New AKC-funded theriogenology resident reflects on first year

Dr. Anum Ahmed with a golden retriever puppy.

Dr. Anum Ahmed with a Labrador retriever puppy.

In 2020, the UF College of Veterinary Medicine was selected to receive funding from the American Kennel Club, the AKC Canine Health Foundation and the Theriogenology Foundation for a new two-year residency focused on small animal reproduction.

Dr. Anum Ahmed, a graduate of Kansas State University’s College of Veterinary Medicine, was the inaugural recipient and began her UF residency in theriogenology in July, after completing a small animal rotating internship through BluePearl Veterinary Partners in Tampa.

She agreed to an interview with the Veterinary Page and offered these insights into her role and what she has learned so far in her first year of residency.

VP: Could you tell us
what attracted you to apply for the new UF residency in theriogenology?

AA: The UF residency was appealing to me as the majority of the cases I would be seeing would be small animal, while I would still be able to gain additional knowledge and experience on large animal species from a comparative theriogenology standpoint. The location of the residency was another highlight, as I was born and raised in Florida.

VP:  What is your average day like; how do you spend your time?

AA: Generally, the morning consists of either preparing and/or giving lecture presentations to veterinary students enrolled in the theriogenology courses, working on research or interacting with large animal cases. The afternoon is spent seeing small animal appointments and educating clients, as well as participating in journal club or teaching topic rounds.

Some days also consist of teaching theriogenology laboratories to veterinary students, going to the dairy farm for cow palpations, or practicing mare palpations through the teaching herd.

VP: What are the most exciting/inspiring aspects of the residency program for you?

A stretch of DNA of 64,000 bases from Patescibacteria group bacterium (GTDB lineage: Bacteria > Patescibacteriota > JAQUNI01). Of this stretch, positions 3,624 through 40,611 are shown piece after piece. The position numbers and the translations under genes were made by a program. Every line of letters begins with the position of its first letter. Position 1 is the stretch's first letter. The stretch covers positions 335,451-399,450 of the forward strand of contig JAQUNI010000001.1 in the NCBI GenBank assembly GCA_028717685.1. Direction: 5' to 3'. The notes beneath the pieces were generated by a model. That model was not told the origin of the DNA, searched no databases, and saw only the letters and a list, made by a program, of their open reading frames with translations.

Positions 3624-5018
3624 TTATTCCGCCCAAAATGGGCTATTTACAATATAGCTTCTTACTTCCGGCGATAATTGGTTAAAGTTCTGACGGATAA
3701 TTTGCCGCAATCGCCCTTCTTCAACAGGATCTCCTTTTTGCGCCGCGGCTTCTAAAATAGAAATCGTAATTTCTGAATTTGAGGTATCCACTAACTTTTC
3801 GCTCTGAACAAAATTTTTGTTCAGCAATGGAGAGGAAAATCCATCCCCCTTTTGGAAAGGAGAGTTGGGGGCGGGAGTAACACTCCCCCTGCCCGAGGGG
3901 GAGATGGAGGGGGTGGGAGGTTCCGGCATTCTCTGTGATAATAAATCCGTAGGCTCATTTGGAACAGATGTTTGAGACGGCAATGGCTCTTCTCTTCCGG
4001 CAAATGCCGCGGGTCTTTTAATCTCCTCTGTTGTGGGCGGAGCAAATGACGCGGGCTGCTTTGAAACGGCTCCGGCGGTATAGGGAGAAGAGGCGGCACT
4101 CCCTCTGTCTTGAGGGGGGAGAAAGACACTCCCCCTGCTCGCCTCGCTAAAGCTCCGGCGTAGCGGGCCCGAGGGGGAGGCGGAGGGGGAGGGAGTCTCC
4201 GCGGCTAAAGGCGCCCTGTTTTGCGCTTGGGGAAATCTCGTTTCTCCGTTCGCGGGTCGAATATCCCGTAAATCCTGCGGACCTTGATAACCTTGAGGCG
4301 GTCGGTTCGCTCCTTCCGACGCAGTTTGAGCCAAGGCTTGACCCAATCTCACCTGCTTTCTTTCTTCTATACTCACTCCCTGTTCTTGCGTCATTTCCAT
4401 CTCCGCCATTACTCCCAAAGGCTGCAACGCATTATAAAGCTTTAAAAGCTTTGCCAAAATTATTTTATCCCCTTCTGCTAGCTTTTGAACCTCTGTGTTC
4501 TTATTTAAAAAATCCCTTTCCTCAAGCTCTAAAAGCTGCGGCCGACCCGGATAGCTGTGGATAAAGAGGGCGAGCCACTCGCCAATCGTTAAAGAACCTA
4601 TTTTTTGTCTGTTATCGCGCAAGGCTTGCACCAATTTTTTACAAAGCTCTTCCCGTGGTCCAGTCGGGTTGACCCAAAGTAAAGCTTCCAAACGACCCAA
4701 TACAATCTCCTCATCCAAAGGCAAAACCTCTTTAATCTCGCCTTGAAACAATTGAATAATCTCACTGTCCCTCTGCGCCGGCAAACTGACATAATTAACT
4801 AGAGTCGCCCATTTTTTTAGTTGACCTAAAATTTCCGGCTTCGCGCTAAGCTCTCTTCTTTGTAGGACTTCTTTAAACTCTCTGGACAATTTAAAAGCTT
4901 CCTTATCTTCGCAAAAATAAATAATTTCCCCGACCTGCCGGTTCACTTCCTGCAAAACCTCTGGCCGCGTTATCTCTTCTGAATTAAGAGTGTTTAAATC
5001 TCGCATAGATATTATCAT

AA: The most exciting aspects of the residency program are when I learn a new skill and implement it in clinical cases; or when I get to teach veterinary students about different topics in theriogenology that they can take with them into practice when they graduate. The idea of there being more information to add to my knowledge base inspires during the residency program.

VP: Could you explain more about your project and its significance?

AA: My project is looking at the incidence of mastitis in relation to serum-ionized calcium concentrations in female dogs in a guide dog population. As of now, we have information on mastitis as it occurs in dairy cattle, but not a lot of information in regard to female dogs. Low calcium levels in cows has been shown to contribute to the formation of mastitis. I hope to add to the body of information on this topic in dogs.

VP: You are obviously are passionate about working with breeders to help them. Could you tell us more about why that is, as well as why you are interested in the issue of canine species in the wild?

AA: I want to educate breeders prior to breeding their dogs, as there are many diseases that have a genetic component in certain breeds. With proper genetic testing and breeding management, we can prevent puppies from having certain diseases that could be a potential threat to their well-being. Conservation medicine has always been fascinating, and there are not many theriogenologists who are working in that field. I would like to expand my skills and knowledge to prevent extinction of species in the wild that are threatened due to human causes, such as deforestation, poaching, etc.

VP: Is there anything else we haven’t asked you about that you might like to share?

AA:  I want to say a big thank you to the AKC for funding my residency, and for allowing me to advance in my goal toward becoming a theriogenologist!


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